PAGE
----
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Pinterest is a website that enables people to share their love of design:Everyone can be a tastemaker or style guru of their particular passion. Given the diversity of visions represented on the website, it is fitting that Pinterest’s own San Francisco headquarters would begin with a backdrop created by three separate architects from New York, Los Angeles, and San Francisco—and then be quickly transformed by employee “hacks,” i.e. DIY customizations and modifications. The final result is a joyous jumble of ideas that matches the site’s identity as a freewheeling place to explore whatever catches one’s eye.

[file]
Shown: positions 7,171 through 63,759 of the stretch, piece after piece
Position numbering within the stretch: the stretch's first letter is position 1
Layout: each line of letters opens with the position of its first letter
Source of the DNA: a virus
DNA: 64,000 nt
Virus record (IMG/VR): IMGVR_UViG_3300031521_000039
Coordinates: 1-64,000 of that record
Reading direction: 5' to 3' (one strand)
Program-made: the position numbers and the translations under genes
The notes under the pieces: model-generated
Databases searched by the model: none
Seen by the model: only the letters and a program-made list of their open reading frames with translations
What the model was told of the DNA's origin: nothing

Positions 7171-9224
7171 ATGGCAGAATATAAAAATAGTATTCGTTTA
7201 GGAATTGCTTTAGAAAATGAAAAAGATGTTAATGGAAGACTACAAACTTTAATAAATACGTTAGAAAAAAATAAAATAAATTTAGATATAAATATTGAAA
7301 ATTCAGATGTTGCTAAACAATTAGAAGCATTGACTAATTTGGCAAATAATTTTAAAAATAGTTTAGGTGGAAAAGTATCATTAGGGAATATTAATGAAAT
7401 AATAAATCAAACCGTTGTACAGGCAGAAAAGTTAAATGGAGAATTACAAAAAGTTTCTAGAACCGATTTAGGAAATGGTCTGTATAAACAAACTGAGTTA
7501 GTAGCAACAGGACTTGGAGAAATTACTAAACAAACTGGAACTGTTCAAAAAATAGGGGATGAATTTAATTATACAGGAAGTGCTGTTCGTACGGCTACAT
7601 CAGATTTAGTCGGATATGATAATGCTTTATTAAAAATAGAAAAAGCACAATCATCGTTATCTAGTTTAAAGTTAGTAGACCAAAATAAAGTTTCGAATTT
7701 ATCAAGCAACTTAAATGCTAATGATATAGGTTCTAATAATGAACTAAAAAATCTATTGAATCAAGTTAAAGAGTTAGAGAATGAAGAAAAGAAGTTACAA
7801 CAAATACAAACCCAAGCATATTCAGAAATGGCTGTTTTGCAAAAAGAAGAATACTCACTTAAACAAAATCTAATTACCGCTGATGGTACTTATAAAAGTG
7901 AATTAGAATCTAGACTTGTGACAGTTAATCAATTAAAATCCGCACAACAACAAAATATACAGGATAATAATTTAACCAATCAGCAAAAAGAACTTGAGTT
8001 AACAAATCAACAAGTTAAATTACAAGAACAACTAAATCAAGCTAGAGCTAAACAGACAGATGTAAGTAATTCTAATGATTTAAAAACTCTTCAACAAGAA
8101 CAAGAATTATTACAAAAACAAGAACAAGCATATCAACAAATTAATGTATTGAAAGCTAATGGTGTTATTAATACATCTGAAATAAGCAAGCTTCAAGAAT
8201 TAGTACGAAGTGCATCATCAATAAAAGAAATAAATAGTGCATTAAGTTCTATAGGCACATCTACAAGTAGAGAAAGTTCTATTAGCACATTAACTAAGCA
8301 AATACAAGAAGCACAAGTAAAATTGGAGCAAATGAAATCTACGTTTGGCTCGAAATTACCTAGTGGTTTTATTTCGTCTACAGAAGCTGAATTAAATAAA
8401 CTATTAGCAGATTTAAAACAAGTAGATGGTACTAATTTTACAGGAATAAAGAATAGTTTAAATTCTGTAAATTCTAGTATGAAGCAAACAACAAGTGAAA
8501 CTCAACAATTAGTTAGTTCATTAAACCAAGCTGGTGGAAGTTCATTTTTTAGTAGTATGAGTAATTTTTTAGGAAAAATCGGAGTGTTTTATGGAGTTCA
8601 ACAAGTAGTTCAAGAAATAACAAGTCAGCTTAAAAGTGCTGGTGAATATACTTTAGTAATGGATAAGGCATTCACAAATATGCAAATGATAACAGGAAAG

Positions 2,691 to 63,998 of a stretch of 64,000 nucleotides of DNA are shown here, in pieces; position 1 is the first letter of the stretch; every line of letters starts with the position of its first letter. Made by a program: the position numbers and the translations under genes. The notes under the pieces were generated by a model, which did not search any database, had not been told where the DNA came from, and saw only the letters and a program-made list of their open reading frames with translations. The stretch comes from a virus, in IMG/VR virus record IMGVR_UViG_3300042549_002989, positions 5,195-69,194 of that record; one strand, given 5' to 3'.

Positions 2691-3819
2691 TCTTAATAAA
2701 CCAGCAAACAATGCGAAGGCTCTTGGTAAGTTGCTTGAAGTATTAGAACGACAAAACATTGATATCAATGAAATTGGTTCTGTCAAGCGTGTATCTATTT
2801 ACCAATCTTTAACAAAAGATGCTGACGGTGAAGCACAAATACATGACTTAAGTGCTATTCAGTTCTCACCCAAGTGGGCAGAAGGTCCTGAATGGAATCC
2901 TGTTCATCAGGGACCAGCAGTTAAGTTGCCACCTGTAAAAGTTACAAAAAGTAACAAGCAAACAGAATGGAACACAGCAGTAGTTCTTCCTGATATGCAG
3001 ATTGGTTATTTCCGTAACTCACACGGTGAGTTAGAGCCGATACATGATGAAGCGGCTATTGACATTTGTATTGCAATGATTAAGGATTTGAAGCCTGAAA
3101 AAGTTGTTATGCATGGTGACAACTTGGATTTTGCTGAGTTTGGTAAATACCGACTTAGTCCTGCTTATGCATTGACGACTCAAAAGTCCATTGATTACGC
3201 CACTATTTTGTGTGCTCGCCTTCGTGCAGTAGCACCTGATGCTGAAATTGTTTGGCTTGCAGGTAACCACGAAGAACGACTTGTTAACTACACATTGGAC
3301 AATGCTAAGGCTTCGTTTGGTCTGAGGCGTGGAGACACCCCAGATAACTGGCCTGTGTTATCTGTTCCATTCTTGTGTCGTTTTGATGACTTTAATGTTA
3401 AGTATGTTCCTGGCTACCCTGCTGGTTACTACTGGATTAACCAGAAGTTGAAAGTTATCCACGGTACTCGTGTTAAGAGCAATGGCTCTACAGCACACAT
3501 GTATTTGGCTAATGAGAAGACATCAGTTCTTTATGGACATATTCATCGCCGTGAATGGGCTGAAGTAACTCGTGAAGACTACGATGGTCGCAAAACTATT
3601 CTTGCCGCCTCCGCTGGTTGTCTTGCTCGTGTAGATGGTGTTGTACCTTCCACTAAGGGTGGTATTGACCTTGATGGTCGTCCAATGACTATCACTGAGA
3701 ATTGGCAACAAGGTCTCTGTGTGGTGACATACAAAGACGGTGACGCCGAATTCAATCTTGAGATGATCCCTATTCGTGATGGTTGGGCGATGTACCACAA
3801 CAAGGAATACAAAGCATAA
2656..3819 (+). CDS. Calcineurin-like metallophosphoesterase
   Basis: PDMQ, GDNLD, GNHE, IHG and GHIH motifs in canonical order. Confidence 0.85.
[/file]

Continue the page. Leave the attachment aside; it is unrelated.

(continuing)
Evan Sharp, co-founder of Pinterest, was studying architecture at Columbia when he began collaborating with two friends to build a tool for curating photo collections. After this side project took off, Sharp asked his former studio professor Janette Kim, who also has her own practice named All of the Above, to design Pinterest’s first office, a 7,000-square-foot space in Palo Alto, California. Kim asked another former student, Anna Neimark, who teaches at SCI-Arc in Los Angeles and also has her own practice, First Office, to collaborate with her. They came up with initial ideas, but the design brief changed dramatically after Pinterest leased a 42,000-square-foot warehouse in San Francisco to hold an anticipated staff of 300.